Christian Fiction Author Ronica Stromberg
Photo credit: Ronica Stromberg
Ronica Stromberg normally writes young adult books but wrote her picture book when she researched bedtime stories with guardian angels and could find none.
She is the author of two young adult novels, "A Shadow in the Dark" and "Living It Up to Live It Down"; a tween mystery, "The Glass Inheritance"; and her picture book, "The Time-for-Bed Angel." Her short stories appear in eighteen anthologies and various inspirational magazines. She maintains a blog and Web site at www.ronicastromberg.wordpress.com
I asked Ronica to share the story behind one of her stories. Here is her reply.
The Story Behind The Story:
The Time-For-Bed Angel
The idea for my bedtime story came at bedtime.
I was tucking my four-year-old son into bed again that night. He looked up at me with wide-awake eyes, sapping the little energy I had left. What could I say to get him to sleep?
“Josiah,” I said, a new idea coming to me, “what about your guardian angel? Don’t you think he’s tired from protecting you all day? Maybe you should give him some rest.”
“What’s a dard-yan angel?” he asked.
I sank onto the edge of his bed, realizing none of his books showed a guardian angel. Why did so many children’s books mention the “monster in the closet” but not guardian angels? Wouldn’t telling children about such angels reassure them and lessen fears of the dark?
I tried explaining guardian angels: “They have wings and watch over us.”
Josiah looked around the room.
The Time-for-Bed Angel by Ronica Stromberg
Photo Credit: Lion UK
“Well, you can’t usually see them, but remember the Christmas pageant?”
He shook his head. He was too young to remember. And, at his age, he needed to visualize abstractions such as the spiritual realm, God, and angels.
As I left his room that night, I pondered whether I should write a picture book about a guardian angel. I researched the market and could fine none. In the coming months, I developed an idea of an angel named Sam attempting to get a rambunctious boy named Andrew safely to bed. I wrote the story, compiled a list of publishers who might be appropriate for it, and began submitting to a few at a time.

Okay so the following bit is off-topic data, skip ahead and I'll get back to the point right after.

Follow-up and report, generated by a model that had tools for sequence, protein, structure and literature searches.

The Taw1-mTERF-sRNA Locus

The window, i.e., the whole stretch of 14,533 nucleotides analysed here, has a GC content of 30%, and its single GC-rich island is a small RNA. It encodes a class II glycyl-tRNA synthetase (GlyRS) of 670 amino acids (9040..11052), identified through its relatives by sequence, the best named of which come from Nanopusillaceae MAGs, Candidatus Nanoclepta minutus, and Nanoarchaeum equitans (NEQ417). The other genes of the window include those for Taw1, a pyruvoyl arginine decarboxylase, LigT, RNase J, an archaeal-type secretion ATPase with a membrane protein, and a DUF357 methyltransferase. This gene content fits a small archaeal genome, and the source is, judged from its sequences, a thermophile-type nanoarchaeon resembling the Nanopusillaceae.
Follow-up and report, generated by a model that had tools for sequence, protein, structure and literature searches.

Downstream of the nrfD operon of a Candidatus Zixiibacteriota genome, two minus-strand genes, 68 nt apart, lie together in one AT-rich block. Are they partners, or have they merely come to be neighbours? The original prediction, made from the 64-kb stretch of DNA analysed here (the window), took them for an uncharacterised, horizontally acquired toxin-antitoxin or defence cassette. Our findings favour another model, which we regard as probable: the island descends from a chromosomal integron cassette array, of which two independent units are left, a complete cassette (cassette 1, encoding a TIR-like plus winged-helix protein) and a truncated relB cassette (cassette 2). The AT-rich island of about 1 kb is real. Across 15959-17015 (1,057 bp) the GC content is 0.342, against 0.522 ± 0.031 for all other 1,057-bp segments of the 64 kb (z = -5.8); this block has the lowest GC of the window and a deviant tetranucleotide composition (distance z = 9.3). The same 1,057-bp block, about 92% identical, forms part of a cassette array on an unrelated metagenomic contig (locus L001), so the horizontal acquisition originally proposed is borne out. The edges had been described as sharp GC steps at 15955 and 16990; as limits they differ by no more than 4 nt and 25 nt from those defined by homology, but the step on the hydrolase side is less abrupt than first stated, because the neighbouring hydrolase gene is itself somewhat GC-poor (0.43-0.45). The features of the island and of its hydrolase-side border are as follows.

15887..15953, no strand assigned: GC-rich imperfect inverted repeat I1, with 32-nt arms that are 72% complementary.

Years passed. I had crossed more than 30 publishers from my list and was down to the last one when my husband walked in with an envelope from that publisher. Carefully, with my husband watching, I opened the envelope . . .
My husband read the disappointment on my face. “What will you do now?”
“The only thing I can do.” With a laugh, I said, “Send it overseas!”
I no longer held much hope of the story being published but knew I would rest easier once I’d checked all possibilities. I researched the overseas market and submitted the book to the largest secular publisher and the largest inspirational publisher in Britain.
One of those, Lion-Hudson, responded with a positive letter asking for revisions. I revised and received a contract.
The Time-for-bed Angel appeared in print around the world in February 2008—eight years after I wrote it. U.S. distributors to the inspirational and regular markets picked up the book in September 2008. In late 2009, Finland and Denmark published co-editions. The book likely received far better distribution than it would have had I sold it to any of the other publishers on my list.
My son who inspired the book, Josiah, is now 12, too old for bedtime stories. But the book is dedicated to him, his younger brother, and the many other children who want to stay up “just a little longer.” To them, I say, “Rest easy. An angel watches over you.”